Barry Ritholtz provides the following chart, originally from the New York Times, but updated for The Big Picture by Steve Barry.
For larger image, click here.
This decline is certainly within the possible limits I have discussed earlier in the year (see here and here) but the projection curve drawn by Steve Barry shows a much more gradual drop to the bottom than I have envisioned. I estimate that he is showing another 3.5 to 4 years to get 90% of the way there and 5-6 years to fully bottom out. My thinking is that the drop to the final bottom will be much quicker, driven by the weight of foreclosures over the next one to two years.
There are scenarios where I could see the Barry projection occurring. One of them is a couple of years of weak to moderate economic recovery followed by another significant recession. However, in that case I would not expect the decline to the final bottom to be smooth, but to occur after a period of time where house prices remained relatively flat before a second steep step down to a bottom.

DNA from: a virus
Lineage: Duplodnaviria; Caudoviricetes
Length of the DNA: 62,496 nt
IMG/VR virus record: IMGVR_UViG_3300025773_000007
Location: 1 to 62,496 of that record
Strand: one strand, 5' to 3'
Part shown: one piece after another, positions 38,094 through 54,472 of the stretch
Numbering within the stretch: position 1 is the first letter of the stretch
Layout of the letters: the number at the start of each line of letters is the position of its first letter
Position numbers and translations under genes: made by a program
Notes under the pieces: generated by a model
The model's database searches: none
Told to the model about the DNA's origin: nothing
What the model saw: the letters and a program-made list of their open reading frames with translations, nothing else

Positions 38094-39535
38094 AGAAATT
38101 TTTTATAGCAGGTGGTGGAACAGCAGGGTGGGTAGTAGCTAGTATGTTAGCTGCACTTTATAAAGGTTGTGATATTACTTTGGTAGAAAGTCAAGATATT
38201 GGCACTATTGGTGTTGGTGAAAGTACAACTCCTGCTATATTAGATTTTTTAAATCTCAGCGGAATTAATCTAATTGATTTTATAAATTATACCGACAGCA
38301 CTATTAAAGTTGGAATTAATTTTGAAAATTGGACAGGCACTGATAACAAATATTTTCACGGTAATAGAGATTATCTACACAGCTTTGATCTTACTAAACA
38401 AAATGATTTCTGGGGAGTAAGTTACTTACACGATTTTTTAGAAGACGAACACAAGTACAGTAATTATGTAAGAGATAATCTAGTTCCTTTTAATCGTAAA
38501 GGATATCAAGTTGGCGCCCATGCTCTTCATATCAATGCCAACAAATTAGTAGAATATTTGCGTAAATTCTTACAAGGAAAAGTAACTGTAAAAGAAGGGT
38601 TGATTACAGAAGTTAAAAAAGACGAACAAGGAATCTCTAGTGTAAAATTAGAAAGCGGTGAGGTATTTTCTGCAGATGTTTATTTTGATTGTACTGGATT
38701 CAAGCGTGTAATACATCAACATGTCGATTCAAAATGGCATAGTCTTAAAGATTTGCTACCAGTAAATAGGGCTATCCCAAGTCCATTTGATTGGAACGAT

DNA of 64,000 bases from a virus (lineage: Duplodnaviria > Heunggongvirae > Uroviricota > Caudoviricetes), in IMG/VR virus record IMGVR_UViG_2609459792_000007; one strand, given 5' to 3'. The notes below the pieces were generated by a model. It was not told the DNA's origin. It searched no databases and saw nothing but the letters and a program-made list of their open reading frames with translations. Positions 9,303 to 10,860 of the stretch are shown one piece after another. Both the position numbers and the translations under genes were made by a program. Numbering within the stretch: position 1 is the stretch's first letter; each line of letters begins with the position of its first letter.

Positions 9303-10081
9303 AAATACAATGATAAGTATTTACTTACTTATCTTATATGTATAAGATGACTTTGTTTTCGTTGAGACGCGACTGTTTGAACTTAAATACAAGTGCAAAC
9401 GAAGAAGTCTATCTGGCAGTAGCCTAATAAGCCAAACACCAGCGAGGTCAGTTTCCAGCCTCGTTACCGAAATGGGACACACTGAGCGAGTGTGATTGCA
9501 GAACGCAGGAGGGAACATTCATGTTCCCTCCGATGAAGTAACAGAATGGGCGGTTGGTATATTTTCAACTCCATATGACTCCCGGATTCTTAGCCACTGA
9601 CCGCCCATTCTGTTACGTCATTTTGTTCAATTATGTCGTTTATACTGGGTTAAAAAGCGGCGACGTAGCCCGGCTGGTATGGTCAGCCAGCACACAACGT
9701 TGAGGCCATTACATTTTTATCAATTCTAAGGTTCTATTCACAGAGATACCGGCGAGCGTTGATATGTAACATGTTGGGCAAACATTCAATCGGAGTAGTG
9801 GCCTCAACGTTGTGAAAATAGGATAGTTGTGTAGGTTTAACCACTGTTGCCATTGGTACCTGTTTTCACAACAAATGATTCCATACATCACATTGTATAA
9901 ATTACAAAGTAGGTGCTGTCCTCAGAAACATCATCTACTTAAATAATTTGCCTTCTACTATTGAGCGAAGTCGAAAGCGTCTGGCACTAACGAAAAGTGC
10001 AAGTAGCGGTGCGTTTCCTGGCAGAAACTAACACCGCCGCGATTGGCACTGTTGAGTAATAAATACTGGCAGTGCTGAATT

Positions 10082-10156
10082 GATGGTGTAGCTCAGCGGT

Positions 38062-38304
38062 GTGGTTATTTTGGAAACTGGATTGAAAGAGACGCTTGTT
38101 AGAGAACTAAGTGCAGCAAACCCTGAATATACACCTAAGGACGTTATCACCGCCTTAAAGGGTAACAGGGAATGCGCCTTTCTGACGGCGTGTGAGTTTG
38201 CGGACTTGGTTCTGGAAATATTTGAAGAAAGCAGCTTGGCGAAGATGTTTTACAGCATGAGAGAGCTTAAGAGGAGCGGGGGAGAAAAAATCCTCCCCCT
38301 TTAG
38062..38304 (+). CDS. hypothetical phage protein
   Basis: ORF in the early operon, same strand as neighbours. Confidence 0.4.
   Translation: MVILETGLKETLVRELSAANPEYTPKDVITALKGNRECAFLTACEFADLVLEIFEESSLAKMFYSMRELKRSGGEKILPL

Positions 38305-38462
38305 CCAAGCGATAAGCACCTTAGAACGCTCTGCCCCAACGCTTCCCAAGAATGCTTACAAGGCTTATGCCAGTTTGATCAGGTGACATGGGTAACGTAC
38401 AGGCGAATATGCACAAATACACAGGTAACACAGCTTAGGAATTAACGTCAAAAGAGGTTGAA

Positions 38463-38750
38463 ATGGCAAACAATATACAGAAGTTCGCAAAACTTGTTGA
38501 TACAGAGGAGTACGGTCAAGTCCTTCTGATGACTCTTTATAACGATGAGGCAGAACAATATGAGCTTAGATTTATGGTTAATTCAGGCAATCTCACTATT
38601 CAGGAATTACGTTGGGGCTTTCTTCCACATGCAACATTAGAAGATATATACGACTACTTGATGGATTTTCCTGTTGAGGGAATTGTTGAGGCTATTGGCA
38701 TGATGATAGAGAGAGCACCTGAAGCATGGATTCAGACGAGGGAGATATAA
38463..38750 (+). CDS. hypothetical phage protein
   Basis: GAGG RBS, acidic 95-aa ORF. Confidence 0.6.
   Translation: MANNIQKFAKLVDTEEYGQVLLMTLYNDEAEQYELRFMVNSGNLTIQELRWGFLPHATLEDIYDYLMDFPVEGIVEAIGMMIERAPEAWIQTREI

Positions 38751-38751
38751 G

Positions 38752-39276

What has not been considered by either Barry or me is the recurrence of another depression for housing, such as occurred from WW I to WW II. What sort of economic disaster would cause home prices to decline 55% to 60% from here? That is what would happen if the decline reproduced the 1920 bottom.
Or, asking a different question: What sort of economic disaster would result if home prices declined 55% to 60% from here? In such severe deflation, most mortgagors would default and every mortgage lender would be insolvent. There would be no future TARP or other shenanigan that could accommodate that eventuality.
Disclosure: No positions.